The U.S. stock market finished the week higher as U.S. and China trade talks regained optimism.  Interest rates continued to fall as the 10-year treasury yield dropped 4 basis points to 2.59%.  Meanwhile the spread between the 10-year treasury yield and the 2-year treasury yield was unchanged at 0.17%.  The price of gold increased 0.28% to $1,302.30 an ounce while the U.S. dollar index (DXY) fell from 97.37 to 96.49 amid underwhelming economic data.  The price of crude oil jumped 4.19% to $58.39 a barrel as the amount of U.S. oil rigs continue to fall.

Index               Started Week         Ended Week         Change         Change %         YTD %
DJIA 24,815.0425,983.941,168.904.71%11.39%
Nasdaq 7,453.157,742.10288.953.88%16.68%
S&P 500 2,752.062,873.34121.284.41%14.62%
Russell 2000 1,465.491,514.3948.903.34%12.30%

This Week’s Economic Highlights

  • After suffering a relatively large decline in December, retail sales recognized a moderate rise of 0.2% in January.  Weighing retail sales down was a 2.4% drop in automobile sales, however auto sales tend to be inconsistent and volatile from month-to-month.  The “control group” of retail sales, which excludes automobile sales, rose a more significant 0.9% in January.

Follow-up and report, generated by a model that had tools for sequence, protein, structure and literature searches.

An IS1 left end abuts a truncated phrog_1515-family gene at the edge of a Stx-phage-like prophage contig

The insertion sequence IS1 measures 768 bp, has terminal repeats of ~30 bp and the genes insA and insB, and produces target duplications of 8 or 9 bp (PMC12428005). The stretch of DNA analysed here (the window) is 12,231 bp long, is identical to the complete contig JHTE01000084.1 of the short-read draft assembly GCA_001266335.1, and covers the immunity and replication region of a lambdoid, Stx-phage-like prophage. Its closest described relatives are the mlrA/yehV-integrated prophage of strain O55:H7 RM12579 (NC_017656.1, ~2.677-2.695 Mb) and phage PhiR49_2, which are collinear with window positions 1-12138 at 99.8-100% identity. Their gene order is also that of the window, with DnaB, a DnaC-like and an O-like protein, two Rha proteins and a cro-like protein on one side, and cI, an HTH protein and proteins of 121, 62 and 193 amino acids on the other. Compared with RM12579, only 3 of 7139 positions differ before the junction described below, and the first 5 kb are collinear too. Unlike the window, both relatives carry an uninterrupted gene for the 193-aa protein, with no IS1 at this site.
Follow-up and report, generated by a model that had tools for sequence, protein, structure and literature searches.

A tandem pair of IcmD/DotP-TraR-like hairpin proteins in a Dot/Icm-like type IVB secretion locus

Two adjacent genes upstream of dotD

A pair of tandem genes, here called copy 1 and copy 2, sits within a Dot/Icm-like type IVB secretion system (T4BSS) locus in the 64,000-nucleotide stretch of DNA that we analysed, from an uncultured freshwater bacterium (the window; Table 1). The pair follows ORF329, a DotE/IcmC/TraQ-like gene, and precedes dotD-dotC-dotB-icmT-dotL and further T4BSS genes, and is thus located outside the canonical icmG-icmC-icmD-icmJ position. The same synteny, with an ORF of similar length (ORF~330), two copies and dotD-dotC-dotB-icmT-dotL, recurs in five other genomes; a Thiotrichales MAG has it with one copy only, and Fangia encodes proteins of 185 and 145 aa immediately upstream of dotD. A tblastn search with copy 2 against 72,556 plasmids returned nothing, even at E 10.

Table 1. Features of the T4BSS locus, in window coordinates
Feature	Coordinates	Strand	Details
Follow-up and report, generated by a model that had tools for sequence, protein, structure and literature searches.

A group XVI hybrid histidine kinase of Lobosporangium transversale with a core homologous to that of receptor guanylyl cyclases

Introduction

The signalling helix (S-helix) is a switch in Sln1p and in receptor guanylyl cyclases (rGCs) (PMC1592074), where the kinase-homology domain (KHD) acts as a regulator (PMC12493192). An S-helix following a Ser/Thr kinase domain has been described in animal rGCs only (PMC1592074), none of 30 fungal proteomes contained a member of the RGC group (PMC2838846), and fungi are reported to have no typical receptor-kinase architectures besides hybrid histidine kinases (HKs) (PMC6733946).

• The Consumer Price Index (CPI), a measure of retail inflation, increased 0.2% in February after being relatively flat the past three months.  Core CPI, which excludes the volatile food and energy prices, increased 0.1%.  Over the past year CPI has risen 1.5% while core CPI has risen 2.1%.
  • Durable goods orders rose for the third straight month after realizing a 0.4% increase in January.  However, excluding the heavily dominated durable goods of transportation (i.e. planes, trains, and automobiles), orders actually realized 0.1% decrease in January.
  • The Producer Price Index (PPI), a measure of wholesale inflation, rose 0.1% in February.  Over the past year PPI has risen a very tame 1.9%.  Core PPI, which excludes the volatile food and energy prices, also rose 0.1% but has risen 2.3% over the past year.
  • Initial unemployment claims increased by a marginal 36,000 to 229,000 for the week ending March 9th.  However, the more stable four-week average of initial claims fell by 2,500 to 223,750.  Continuing unemployment claims, which lag initial claims by a week, increased by 18,000 to 1.77 million.
  • New home sales dropped 7.0% in January to an annualized rate of 607,000.  Despite the relatively large drop in sales, overall home sales aren’t as bad as they appear since December and November saw large upward revisions of 5.0% and 4.8%, respectively.
  • Industrial production rose a slim 0.1% in February, which came in well below consensus expectations of 0.4%.  The underwhelming rise in industrial production was primarily dragged down by a 0.4% decrease in manufacturing production.


“To be a successful business owner and investor, you have to be emotionally neutral to winning and losing.  Winning and losing are just part of the game.”

– Robert Kiyosaki

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